Down in Thomasville, Ga., they are a little surprised to hear what has happened to Frank Neel.

The former member of the Democratic state central committee has been born again as a political independent.

The air-conditioning contractor who last rode a train in 1964 has been picked as a consumer representative on the board of directors of Amtrak.

It was Jimmy Carter who decreed Neel to be an independent and a consumer representative. He had to, if he was going to get him on the Amtrak board. It already had five Democrats - all the law allows one political party. And the same law said there had to be some consumer representatives.

Carter cared enough to see that Neel was both, because Neel had long ago showed Jimmy Carter he cared, too.

In 1966, when Carter made his first, losing bid for governor of Georgia, his Thomas County campaign chairman and fundraiser was Frank H. Neel.

In 1970, when Carter ran again and won, Carter county chairman Neel was appointed to the Georgia Democratic Committee and two otehr state boards.

In the winter and spring of 1976, Neel left his $2 million-a-year business for months and campaigned for Carter in the New Hampshire, Florida, North Carolina, Wisconsin, Pennsylvania and Ohio primaries. In the fall, he joined the Peanut Brigade in New Hampshire and Vermont.

Today, the Senate Commerce Committee is scheduled to vote on Neel's appointment to the Amtrak board - the body that sets the rates and decides the routes for the federal railroad network. It should be routine.

But Sen. Robert P. Griffin (R-Mich.) is even more skeptical than the folks in Thomasville about the remarkable transformation in Frank Neel's life.

It's not the money - only $300 plus expenses for each of Amtrak's monthly meetings - Griffin says. It's the principle of the thing.

"The administration has put you forth as a consumer representative and . . . as an independent," Griffin told Neel during a brief confirmation hearing last November. "As a Republican, I don't like this at all. I think this is circumventing the purpose and intent of the statue."

Griffin said yesterday that he would raise the same objections today and insist that Neel be recalled for further questioning.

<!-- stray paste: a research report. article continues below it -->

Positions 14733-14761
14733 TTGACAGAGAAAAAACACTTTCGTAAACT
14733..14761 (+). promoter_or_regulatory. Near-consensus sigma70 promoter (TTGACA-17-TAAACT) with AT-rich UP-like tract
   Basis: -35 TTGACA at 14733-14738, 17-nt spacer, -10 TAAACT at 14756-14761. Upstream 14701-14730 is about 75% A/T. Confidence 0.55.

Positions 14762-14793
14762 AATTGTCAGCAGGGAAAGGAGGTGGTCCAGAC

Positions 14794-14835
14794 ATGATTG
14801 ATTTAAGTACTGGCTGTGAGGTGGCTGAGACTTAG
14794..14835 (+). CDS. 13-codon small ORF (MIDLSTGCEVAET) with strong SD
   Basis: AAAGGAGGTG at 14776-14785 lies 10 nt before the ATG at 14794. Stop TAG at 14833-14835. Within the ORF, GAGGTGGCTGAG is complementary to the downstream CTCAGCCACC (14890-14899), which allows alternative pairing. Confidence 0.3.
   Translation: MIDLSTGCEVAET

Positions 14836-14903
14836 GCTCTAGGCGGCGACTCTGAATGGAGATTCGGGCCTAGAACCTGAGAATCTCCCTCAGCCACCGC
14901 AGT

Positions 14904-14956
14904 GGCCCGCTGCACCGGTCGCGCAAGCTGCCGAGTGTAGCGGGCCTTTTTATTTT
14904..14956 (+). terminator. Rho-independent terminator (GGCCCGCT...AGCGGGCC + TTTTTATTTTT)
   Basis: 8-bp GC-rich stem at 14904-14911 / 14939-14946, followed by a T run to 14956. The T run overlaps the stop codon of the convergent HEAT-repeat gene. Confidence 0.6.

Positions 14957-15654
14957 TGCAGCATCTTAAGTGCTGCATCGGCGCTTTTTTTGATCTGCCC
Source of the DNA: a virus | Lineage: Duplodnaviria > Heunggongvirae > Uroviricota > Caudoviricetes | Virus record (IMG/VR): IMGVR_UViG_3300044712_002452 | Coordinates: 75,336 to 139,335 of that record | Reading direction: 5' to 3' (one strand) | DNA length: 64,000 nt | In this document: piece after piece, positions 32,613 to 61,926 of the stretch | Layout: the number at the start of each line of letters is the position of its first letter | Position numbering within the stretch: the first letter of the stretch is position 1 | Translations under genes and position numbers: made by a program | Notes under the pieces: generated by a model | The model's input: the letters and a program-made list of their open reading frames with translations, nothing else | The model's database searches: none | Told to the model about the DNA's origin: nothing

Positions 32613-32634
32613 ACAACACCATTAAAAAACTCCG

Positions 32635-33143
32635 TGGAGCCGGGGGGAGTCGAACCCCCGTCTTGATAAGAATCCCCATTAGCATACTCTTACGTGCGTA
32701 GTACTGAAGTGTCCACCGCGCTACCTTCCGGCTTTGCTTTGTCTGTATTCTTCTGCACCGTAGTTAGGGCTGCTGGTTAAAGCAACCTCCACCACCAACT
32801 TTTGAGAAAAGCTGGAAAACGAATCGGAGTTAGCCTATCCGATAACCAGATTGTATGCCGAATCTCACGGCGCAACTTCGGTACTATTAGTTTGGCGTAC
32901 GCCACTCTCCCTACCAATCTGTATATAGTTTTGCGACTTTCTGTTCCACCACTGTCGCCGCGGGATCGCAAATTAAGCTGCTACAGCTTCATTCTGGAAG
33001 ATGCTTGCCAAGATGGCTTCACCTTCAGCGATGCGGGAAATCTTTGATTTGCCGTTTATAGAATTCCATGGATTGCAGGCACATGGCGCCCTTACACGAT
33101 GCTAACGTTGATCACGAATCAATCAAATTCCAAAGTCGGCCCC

Neel says he can't understand it. He said in his orginial statement to the committee that he had voted for Dwight D. Eisenhower and Richard M. Nixon every time they ran, and he has since had at least three Republicans from his hometown write Griffin that they believed he had supported those Republican presidents against their Democratic opponents.

As for his membership on the state Democratic committee, Neel says it lasted only one year and involved only one meeting he can remember.

Further, he said in a telephone interview, "all the Republicans in Thomasville are my very dear friends. They know if it hadn't been Jimmy Carter running, I would have been very much for Jerry Ford. I just like Jimmy Carter, and if he had gone Republican, I would have been a Republican."

As for his consumer credentials, Neel said, "I'm a conservative businessman and I think I can represent the consumer as well as anyone on that board." He said he knew the problems people faced when the air conditioning broke - a condition not unknown on Amtrak trains - and thought he could give useful advice on what to do.

While it is true, he said, that he had not ridden a train in this country since 1964 - a fact Griffin brought out in the November hearing - Neel said that in the last couple months "the conductor of the Floridian has been coming by a couple times a week, between runs, and I've been furnished an amazing amount of information by him. Joe Cannon, I believe his name is."

The White House personnel office, which is treating the nomination with the sensitivity of a top-level Central Intelligence Agency appointment, refers all inquiries about Neel to the press office. There, no one professes to know how the computer picked Neel for Amtrak.

Neel says: "I just told those folks I'd be willing to help anywhere they thought I could help. I never said anything about railroads. Actually, I thought it would be something in the post office department. But, heck, I'm a guy who went into the Navy thinking I'd go to Saipan and I ended up at the Charleston Navy Yard."